U.S. Drillers Bring Back Rigs as Oil Market Seen Stabilizing

Morning Meeting: What's Next for Oil?

Shale drillers brought back the most oil rigs of any week this year as confidence in a stabilized market is prompting talk of expansion throughout 2016.

Rigs targeting crude in the U.S. rose by 11 to 341, after 7 were dropped last week, Baker Hughes Inc. said on its website Friday. It’s the fourth time in the past five weeks that producers have added oil rigs. Explorers in the Permian Basin of West Texas, the nation’s busiest oil patch, again led the activity climb by adding 4 for a total of 154 oil rigs working in the region.

"You’re seeing rig counts added in the right places, like the Permian," Luke Lemoine, an analyst at Capital One Southcoast in New Orleans, said in a phone interview. "There have been a lot of cuts in the industry, so a lot of wounds to heal. It’s understandable that the first steps would be small."

Supply disruptions and falling U.S. output have helped cut a global surplus, with both the International Energy Agency and the Organization of Petroleum Exporting Countries forecasting that the market is heading toward balance as demand growth outpaces supply.

A Balancing Market

"With oil prices approaching $50 per barrel for WTI as supply and demand move into balance, operational visibility is beginning to improve," Patrick Schorn, president of operations at Schlumberger Ltd., told investors last week at the Wells Fargo West Coast Energy Conference in San Francisco. "The rig count is now expected to increase on land during the next two quarters."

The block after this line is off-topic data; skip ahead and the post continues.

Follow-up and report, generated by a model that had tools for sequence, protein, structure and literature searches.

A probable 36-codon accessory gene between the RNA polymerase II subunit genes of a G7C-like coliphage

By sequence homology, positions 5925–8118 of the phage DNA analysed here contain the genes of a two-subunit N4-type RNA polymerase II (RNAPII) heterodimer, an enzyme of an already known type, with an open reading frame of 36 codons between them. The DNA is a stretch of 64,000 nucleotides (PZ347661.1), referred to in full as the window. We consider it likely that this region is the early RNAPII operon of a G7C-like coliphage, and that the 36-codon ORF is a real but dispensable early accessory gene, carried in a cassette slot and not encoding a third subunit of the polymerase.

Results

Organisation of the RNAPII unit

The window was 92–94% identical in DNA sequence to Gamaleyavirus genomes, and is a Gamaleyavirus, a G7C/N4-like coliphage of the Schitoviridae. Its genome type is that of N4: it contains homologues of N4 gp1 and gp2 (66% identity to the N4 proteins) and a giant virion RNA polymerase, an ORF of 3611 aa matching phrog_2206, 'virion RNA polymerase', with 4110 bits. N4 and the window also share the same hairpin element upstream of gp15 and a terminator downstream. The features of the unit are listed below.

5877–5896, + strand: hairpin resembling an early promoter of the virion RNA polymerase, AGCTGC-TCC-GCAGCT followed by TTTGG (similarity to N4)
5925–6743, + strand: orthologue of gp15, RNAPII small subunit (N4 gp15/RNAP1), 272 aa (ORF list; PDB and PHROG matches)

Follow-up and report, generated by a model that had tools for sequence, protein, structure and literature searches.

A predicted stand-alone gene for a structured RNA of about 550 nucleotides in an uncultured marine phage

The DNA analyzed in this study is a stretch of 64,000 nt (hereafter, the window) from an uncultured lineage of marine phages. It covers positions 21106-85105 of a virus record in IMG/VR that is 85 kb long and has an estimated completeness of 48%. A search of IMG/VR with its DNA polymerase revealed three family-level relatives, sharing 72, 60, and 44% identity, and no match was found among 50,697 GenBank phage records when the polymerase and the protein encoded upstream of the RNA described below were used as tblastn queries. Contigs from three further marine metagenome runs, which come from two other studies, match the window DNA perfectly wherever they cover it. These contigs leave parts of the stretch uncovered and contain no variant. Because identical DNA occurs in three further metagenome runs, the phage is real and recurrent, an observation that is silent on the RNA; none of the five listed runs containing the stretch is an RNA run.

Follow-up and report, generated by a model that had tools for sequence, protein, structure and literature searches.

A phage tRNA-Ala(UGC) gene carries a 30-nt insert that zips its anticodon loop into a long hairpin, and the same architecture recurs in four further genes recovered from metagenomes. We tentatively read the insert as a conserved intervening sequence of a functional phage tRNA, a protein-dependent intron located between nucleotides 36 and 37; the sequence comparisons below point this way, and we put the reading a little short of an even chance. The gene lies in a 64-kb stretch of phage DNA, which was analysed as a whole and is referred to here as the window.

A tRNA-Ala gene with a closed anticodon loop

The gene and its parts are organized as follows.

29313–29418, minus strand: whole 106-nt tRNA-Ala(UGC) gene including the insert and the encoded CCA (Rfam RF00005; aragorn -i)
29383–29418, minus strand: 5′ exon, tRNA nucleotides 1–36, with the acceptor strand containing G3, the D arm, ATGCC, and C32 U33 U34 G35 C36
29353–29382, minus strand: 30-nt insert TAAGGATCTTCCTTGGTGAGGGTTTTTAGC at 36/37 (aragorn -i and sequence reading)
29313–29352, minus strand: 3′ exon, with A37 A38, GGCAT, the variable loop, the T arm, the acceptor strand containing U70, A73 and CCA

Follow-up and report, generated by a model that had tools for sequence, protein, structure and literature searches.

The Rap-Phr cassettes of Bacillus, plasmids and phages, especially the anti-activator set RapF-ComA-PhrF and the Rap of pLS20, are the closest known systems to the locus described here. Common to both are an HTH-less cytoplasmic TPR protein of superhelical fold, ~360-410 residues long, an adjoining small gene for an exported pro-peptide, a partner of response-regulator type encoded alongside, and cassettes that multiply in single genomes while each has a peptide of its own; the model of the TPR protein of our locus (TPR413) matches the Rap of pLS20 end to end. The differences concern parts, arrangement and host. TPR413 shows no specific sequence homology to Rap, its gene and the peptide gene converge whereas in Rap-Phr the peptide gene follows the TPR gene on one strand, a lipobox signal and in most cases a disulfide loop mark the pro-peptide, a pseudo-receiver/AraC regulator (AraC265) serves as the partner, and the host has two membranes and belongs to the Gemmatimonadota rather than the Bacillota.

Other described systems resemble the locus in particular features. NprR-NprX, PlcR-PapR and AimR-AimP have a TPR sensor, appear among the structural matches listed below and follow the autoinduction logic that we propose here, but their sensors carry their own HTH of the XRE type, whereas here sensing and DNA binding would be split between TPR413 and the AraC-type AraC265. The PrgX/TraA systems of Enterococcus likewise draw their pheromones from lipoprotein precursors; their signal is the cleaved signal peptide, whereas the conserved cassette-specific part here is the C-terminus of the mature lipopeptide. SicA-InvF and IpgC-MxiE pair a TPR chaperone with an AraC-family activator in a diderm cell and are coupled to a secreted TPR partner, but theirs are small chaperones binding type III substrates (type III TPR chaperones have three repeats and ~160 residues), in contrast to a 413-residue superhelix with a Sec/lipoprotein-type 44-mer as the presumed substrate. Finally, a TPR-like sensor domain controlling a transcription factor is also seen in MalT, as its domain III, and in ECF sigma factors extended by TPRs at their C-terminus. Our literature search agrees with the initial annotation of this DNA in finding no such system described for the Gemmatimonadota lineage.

West Texas Intermediate, the U.S. benchmark for crude, rose 1.4 percent to settle at $48.99 on the New York Mercantile Exchange.

America’s oil drillers have been mostly idling rigs since October 2014 as the world’s largest crude suppliers battle for market share. U.S. crude output fell by 55,000 barrels a day to 8.62 million through June 24, Energy Information Administration data show.

Production Slide

To stem current production declines, Lemoine estimates explorers would need to run 530 to 610 oil rigs in the U.S.

"It might not pop back as quickly as people expect," he said. "People want to be cautious."

Natural gas rigs were trimmed by 1 to 89 this week, bringing the total for oil and gas up by 10 to 431, Baker Hughes data show.

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